Generally, an employee is an active participant if covered by (a) a defined benefit plan for any tax year that he or she is eligible to participate, or (b) a defined contribution plan (for example, a section 401(k) plan) for any tax year that employer or employee contributions (or forfeitures) are added to his or her account. For additional information on employees who are eligible to participate in a plan, contact your plan administrator.

  For details on the active participant rules, see section 219(g)(5); Notice 87-16, 1987-1 C.B. 446; and Pub. 590, Individual Retirement Arrangements (IRAs). Also see Notice 98-49, which is on page 5 of Internal Revenue Bulletin 1998-38 at www.irs.gov/pub/irs-irbs/irb98-38.pdf.

  
Do not check this box for contributions made to a nonqualified plan or section 457(b) plan.

   
Third-party sick pay. Check this box only if you are a third-party sick pay payer filing a Form W-2AS, W-2GU, or W-2VI for an insured's employee or are an employer reporting sick pay payments made by a third party. See section 6 of Pub. 15-A.

Box 14—Other.   The lease value of a vehicle provided to your employee and reported in box 1 must be reported here or on a separate statement to your employee. You also may use this box for any other information that you want to give to your employee, such as health insurance premiums deducted, union dues, voluntary after-tax contributions (but not designated Roth contributions) to a pension plan, or nontaxable income. Label each entry.

Specific Instructions for Form W-3SS

How to complete Form W-3SS.   Type entries using black ink and 12-point Courier font. Make all entries without the dollar sign and comma but with the decimal point (00000.00). If a box does not apply, leave it blank.

Box a—Control number.   This is an optional box that you may use for numbering the whole transmittal.

Box b—Kind of Payer.   Check only one box unless the second checked box is “Third-party sick pay.” If you have Forms W-2AS, W-2CM, W-2GU, or W-2VI with more than one kind of payer, send each type with a separate Form W-3SS. However, “third-party sick pay” does not designate a separate kind of payer. When this box is checked, it will always be in addition to the box that designates the kind of payer.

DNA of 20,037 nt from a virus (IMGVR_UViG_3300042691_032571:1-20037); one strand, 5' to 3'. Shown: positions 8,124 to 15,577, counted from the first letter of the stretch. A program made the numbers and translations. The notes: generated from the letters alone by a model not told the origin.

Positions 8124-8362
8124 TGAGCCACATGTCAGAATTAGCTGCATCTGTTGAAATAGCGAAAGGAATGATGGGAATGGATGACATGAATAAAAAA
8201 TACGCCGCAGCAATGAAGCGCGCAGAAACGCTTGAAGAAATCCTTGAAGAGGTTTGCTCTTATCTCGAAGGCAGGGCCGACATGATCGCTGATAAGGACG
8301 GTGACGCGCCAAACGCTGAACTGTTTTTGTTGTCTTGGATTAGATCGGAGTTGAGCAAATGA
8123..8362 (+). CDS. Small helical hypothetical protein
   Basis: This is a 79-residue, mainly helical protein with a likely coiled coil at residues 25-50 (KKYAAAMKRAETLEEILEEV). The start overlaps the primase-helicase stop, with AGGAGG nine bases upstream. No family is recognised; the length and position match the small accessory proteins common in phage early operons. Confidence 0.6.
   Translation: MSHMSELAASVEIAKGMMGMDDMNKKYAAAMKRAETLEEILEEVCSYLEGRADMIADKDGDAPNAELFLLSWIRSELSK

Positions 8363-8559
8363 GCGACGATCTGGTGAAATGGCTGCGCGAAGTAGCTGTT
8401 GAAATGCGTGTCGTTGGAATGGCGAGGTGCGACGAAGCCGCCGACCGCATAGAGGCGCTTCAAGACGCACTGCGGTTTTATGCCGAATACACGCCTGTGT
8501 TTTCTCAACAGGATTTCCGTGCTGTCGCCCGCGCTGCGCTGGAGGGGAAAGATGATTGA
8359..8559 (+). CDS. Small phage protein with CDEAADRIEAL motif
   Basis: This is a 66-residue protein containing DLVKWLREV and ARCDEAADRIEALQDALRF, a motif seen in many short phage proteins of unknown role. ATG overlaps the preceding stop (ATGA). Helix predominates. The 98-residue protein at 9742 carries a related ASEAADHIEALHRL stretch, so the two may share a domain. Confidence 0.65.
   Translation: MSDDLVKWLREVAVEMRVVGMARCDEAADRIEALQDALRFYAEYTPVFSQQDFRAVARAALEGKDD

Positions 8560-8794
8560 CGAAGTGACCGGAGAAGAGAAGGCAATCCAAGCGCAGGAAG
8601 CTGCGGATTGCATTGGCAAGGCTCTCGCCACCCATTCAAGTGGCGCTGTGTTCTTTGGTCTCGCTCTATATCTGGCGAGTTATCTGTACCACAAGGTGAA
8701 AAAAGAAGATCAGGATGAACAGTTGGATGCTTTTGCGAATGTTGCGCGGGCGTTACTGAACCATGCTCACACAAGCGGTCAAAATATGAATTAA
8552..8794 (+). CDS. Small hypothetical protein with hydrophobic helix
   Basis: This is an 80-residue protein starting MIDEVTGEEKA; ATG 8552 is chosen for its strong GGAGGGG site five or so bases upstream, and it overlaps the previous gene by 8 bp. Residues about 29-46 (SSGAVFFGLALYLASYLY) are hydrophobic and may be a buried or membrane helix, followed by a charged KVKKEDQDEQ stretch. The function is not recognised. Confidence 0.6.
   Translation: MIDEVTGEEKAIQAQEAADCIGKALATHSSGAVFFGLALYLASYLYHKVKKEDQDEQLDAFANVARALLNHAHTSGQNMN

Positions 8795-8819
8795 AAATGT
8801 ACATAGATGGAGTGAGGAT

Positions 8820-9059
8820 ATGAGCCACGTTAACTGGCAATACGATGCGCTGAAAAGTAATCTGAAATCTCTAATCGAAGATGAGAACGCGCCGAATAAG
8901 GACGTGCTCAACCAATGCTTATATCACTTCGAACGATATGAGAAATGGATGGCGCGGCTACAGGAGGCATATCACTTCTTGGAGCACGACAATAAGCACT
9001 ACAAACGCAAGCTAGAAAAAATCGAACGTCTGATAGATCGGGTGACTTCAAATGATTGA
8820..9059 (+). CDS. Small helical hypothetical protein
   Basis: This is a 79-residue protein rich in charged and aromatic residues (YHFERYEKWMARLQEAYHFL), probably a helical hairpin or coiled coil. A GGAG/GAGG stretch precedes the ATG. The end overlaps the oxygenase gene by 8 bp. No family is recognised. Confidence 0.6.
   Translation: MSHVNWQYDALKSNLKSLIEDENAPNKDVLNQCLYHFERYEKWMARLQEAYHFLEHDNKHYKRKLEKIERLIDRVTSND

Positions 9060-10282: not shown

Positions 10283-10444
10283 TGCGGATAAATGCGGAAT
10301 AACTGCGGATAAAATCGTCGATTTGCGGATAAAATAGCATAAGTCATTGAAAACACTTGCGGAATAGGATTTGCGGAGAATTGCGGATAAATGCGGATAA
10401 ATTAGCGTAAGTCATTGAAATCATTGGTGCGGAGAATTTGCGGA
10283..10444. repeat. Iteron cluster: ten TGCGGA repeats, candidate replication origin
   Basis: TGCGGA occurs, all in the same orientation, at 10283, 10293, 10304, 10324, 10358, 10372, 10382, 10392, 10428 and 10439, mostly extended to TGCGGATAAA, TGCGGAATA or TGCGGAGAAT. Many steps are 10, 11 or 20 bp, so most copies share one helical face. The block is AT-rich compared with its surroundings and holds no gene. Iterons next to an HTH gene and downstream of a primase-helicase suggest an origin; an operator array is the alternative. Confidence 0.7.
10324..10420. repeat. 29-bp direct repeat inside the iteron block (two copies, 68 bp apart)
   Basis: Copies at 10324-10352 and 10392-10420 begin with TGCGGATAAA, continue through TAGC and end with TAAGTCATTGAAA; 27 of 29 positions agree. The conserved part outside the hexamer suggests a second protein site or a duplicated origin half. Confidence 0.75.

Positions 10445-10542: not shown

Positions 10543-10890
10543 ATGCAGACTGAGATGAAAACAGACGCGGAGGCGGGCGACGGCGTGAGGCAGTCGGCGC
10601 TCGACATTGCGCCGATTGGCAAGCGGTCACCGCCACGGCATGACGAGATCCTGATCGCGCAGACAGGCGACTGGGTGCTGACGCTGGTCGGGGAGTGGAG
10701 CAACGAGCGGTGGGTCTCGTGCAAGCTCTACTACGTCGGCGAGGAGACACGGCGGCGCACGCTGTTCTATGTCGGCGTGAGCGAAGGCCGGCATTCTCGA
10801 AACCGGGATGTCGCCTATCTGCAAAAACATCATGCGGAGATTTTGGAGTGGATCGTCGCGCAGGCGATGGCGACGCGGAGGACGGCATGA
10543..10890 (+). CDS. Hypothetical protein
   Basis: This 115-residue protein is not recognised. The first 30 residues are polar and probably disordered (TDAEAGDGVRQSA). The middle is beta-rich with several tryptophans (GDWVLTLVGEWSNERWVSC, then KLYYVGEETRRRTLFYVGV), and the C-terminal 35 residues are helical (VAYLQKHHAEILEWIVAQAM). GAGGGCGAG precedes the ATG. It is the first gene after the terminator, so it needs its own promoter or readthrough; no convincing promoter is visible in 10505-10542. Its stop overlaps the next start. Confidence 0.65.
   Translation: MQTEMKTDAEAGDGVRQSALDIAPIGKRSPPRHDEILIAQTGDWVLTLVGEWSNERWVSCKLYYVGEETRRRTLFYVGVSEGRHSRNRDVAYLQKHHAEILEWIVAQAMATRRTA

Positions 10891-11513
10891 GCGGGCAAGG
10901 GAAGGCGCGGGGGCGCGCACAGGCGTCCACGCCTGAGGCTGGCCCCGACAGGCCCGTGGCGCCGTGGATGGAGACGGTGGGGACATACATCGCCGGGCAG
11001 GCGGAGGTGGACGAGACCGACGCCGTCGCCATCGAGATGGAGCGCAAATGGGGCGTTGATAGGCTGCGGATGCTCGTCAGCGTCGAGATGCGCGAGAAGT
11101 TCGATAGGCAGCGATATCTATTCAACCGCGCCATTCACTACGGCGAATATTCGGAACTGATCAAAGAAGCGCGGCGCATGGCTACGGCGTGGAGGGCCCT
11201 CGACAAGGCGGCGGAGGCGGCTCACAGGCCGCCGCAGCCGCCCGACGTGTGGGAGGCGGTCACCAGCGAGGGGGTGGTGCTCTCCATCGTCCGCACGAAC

941-SS.

Check this box if you file Form 941-SS and no other category (except “Third-party sick pay”) applies. A church or church organization should check this box even if it is not required to file Form 941-SS or 944-SS.

Military.

Check this box if you are a military employer sending Forms W-2AS, W-2CM, W-2GU, or W-2VI for members of the uniformed services.

943.

Check this box if you file Form 943 and are sending forms for agricultural employees. For nonagricultural employees, send their Forms W-2AS, W-2CM, W-2GU, or W-2VI with a separate Form W-3SS.

944-SS.

Check this box if you file Form 944-SS and no other category (except “Third-party sick pay”) applies.

Hshld. emp.

Check this box if you are a household employer sending Forms W-2AS, W-2CM, W-2GU, or W-2VI for household employees, and you did not include a household employee's taxes on Form 941-SS, 944-SS, or 943.

Medicare govt. emp.

Check this box if you are a U.S. or a U.S. Virgin Islands government employer with employees subject only to the 1.45% Medicare tax.

Third-party sick pay.

Check this box (at far right of form) and one other box if you are a payer of third-party sick pay (or are reporting sick pay payments made by a third party) filing Forms W-2AS, W-2CM, W-2GU, or W-2VI with “Third-party sick pay” checked in box 13.

Box b—Kind of Employer.   Check the box that applies to you. Check only one box unless the second box checked is "Third-party sick pay".

None apply.

Check this box if none of the checkboxes below apply to you.

501c non-govt.

Check this box if you are a non-governmental tax-exempt section 501(c) organization.

State/local non-501c.

Check this box if you are a state or local government or instrumentality that is not a tax-exempt section 501(c) organization.

State/local 501c.

Check this box if you are a dual status state or local government or instrumentality that is also a tax-exempt section 501(c) organization.

Federal govt.

Check this box if you are a Federal government entity or instrumentality.

Box c—Total number of Forms W-2.   Show the number of completed individual Forms W-2AS, W-2CM, W-2GU, or W-2VI filed with this Form W-3SS. Do not count “Void” forms.

Box d—Establishment number.   You may use this box to identify separate establishments in your business. You may file a separate Form W-3SS, with Forms W-2AS, W-2CM, W-2GU, or W-2VI, for each establishment even if they all have the same EIN; or you may use a single Form W-3SS for all Forms W-2AS, W-2CM, W-2GU, or W-2VI of the same type.